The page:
As part of an aggressive campaign of procrastination, I finally played Crysis. Thankfully, despite also featuring a conflict between America (good guys) and North Korea (like China, but not a major trading partner, so okay to portray as universally evil), it was not a huge pile of crap.
If you remember my review of Halo, which you shouldn't, because I never wrote one, I was a bit annoyed that the game starts off by firmly establishing the Covenant aliens as the Threat to Humanity and just as you're in the habit of sticking grenades to elites and meleeing hunters to death, suddenly the flood comes and you're spending all your time shooting popcorn. A twist is cool and all, but it felt like too much, too soon.
Thankfully, Crysis avoids that. There are several solid hours of using advanced technology to kill North Koreans in a variety of imaginative ways, such as shooting them with guns, shooting them with other guns, beating them to death with guns, and using guns to shoot nearby things which then explode and kill them. And this one time I ran over a guy with a humvee, but that was only because I missed with my gun. In all seriousness, the physics do offer some neat options beyond just shooting them, such as explosions and making roofs collapse on them. Or, use strength mode and one punch will send them flying.
Along the way the game gives fairly open areas to work in. It's not quite a sandbox, but you're given more than just "use this route if you like to get shot or this route if you are smart". Rather than walled-in levels, you get bits of map in which you can freely move about. Not everyone needs to be killed to complete the objectives, but since killing is half the fun (the other half is their screaming), I almost always did a sweep to make sure I didn't miss anyone.
The open areas give you options, as well as your enemies. You might think you're so sneaky to stealth over to the ledge and then use strength to jump over and hit them from the other side, but it turns out they were already going that way to try to sneak around and flank you. Yep, the ol' double-switcheroo. You can attack from all sides and get attacked from all sides.
I actually found myself getting a little antsy, when were the aliens going to really show up? I wanted to shoot some! Sadly, I had to continue to make do shooting North Koreans. Oh the drudgery of mindless human slaughter. But finally, after a few attacks by aliens who somehow always knew when it was a cutscene so we couldn't shoot back, finally I got to get stuck in a mountain and wander into their cave temple base thing. Yea.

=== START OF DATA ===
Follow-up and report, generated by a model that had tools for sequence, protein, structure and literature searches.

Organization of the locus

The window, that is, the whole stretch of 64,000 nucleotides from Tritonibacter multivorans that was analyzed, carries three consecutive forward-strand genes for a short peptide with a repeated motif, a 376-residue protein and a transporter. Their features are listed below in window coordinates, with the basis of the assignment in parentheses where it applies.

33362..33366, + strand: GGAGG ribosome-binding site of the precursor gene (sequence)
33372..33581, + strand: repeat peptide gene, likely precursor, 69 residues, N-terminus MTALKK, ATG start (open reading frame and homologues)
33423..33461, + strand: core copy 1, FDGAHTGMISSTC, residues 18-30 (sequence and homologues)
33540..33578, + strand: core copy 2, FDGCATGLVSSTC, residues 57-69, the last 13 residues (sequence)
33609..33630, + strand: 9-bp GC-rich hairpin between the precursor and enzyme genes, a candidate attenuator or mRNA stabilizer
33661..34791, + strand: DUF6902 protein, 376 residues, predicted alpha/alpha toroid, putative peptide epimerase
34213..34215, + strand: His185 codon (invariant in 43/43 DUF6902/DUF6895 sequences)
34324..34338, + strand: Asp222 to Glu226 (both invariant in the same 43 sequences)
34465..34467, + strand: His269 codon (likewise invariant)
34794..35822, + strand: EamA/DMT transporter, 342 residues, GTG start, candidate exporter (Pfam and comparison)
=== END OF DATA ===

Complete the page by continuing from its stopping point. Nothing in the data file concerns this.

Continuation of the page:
The game ends up making Marines look like total pussies, not because they are, since earlier one takes on the giant scary monster that is the second to last boss single-handed to buy time, but because they are contrasted with the super-human guy. Oh what's that, a little rock fall has me stuck half a mile under a mountain? You guys go, I'll just find some more guns and shoot a hole out if I need to. What's that, gravity just went away? No problem, I'll just float right along and shoot anything else that flies. The carrier is getting blown up? Hang on, I need to go get my nuclear grenade launcher, but not before I go into the nuclear reactor and sheer strength to push down the malfunctioning control rods.
Sadly, the game gets a bit less awesome toward the end. Due to the necessity of having a bajillion aliens attack rather than just a few at a time, the player is given various unlimited ammo weapons, such as an alien gun and a humvee machine gun. Even though the game was never stingy with ammo, it was something to at least pay some attention to, making this a strange contrast which I didn't much enjoy. The flying part was even worse, until I realized that while the gun was an ilose button, the missiles were an iwin button. The last level on the aircraft carrier suffered from some major bugs. The game didn't seem to be certain whether I should or should not fall through the floor, so I had to keep going back a few save points to find one where the floor was properly defined as being impenetrable to feet. The really bit aliens were also at times unsure of whether they should be on the flight deck or a hundred feet up.
The ending might have been really cool, but it ended up being more of a relief that I had finally gotten past the physics bugs and could now play again, just in time to realize that the game was over. And that they definitely wanted me to buy a sequel.
My suggestion is to buy it; it's only $20 on Steam. Maybe in a few years I can give you an outdated review of Crysis 2. And in a few weeks, Crysis Warhead.